Catholic leaders in the Central African Republic praised the courage of missionary priests and nuns who remained in the country during the current conflict, despite offers of evacuation.
"That most have remained here is the greatest act of witness our church has given," said Bishop Nestor-Desire Nongo Aziagbia of Bossangoa, Central African Republic.
"Even when life is insecure, people still look to their priests and religious as a sign of hope and to Catholic missions as places of refuge. This makes their continued presence very important," he told Catholic News Service in a telephone interview Thursday.
The bishop said most missionaries and foreign religious order members had defied dangers and remained in the Central African Republic, where French and African forces are attempting to restore order after more than a year of fighting.
Nongo said some members of his diocese's religious congregations had been forced to leave.
"One group of nuns called me in the morning to say their house had been under fire all night," the bishop told CNS. "But even then, though their lives were at stake and they clearly couldn't stay, one of the nuns still decided to remain."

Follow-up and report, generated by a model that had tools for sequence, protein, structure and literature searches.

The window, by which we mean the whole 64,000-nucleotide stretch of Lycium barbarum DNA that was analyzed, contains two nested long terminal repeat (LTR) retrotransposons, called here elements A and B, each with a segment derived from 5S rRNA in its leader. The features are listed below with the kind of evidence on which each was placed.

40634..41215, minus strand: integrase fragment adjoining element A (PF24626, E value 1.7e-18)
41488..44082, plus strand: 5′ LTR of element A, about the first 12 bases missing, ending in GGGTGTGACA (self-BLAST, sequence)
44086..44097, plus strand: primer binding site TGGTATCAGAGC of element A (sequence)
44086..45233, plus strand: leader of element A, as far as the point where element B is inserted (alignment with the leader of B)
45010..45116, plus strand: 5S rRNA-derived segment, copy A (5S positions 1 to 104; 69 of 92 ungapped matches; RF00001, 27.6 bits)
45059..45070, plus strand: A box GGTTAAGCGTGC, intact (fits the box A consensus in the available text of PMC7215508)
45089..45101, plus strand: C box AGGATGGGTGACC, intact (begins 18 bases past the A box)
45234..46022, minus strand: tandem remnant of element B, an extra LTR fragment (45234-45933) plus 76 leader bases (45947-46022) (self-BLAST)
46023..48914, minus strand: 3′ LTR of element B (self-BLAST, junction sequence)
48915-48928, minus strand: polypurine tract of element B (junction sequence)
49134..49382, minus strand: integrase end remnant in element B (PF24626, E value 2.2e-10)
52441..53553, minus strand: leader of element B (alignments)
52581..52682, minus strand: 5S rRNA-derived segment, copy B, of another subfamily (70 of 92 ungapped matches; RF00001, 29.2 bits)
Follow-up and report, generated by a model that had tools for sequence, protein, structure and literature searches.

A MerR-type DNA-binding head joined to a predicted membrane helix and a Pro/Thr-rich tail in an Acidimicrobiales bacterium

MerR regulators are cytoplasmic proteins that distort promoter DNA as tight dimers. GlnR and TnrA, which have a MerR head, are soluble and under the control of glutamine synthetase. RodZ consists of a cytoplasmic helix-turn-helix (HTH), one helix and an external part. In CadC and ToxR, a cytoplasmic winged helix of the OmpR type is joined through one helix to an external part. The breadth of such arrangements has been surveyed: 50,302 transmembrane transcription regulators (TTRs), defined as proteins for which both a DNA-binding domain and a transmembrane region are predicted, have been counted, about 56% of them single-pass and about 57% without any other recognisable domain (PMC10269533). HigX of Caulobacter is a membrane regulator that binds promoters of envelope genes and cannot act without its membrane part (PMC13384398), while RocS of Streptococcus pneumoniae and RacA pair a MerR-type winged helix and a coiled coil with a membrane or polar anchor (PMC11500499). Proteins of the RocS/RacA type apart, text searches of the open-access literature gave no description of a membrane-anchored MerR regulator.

The bishops' conference president, Archbishop Dieudonne Nzapalainga of Bangui, told the Catholic charity Aid to the Church in Need that missionaries provided "reference points and ramparts" for local people as a "manifestation of the power of love."
"In many places, the missionaries have stayed and haven't wanted to leave, although we placed no obligation on them and left them free to decide," Nzapalainga said.
"They should be given support to remain as a light in the night. In every crisis, when the missionaries stay, their presence has a mitigating effect," he added.
Catholics make up around a third of the 4.4 million inhabitants of the Central African Republic, one of the world's poorest countries; Muslims are about 15 percent.
Missionary clergy and religious order members, many from the U.S., France, Italy, Spain and Poland, as well as from other African countries, have helped circulate information and offered shelter to some of the estimated 1 million people displaced by the violence, which has continued despite the December deployment of 1,600 French paratroopers under a U.N. mandate.
Capuchin Fr. Serge Mbremandji told the Italian publication La Stampa that, in January, members of the Islamist-dominated Seleka movement had gone "on a shooting spree" at a Catholic mission in Bocaranga, forcing its priests, nuns and catechists to flee.
Polish Capuchin Fr. Benedykt Paczek told his country's Radio Plus on Feb. 4 that he had taken refuge at a school after his mission at Ngaoundaye was raided and burned by rebels. He added that the 38 Polish missionaries working at nine separate locations had rejected offers of evacuation by their country's foreign ministry.
In his ACN interview, Nzapalainga said he believed the continuing violence had made people "more fervent" in religious beliefs and practices.
He added that he also had rejected offers of asylum during a January visit to France, concluding "the devil scatters, but God brings together."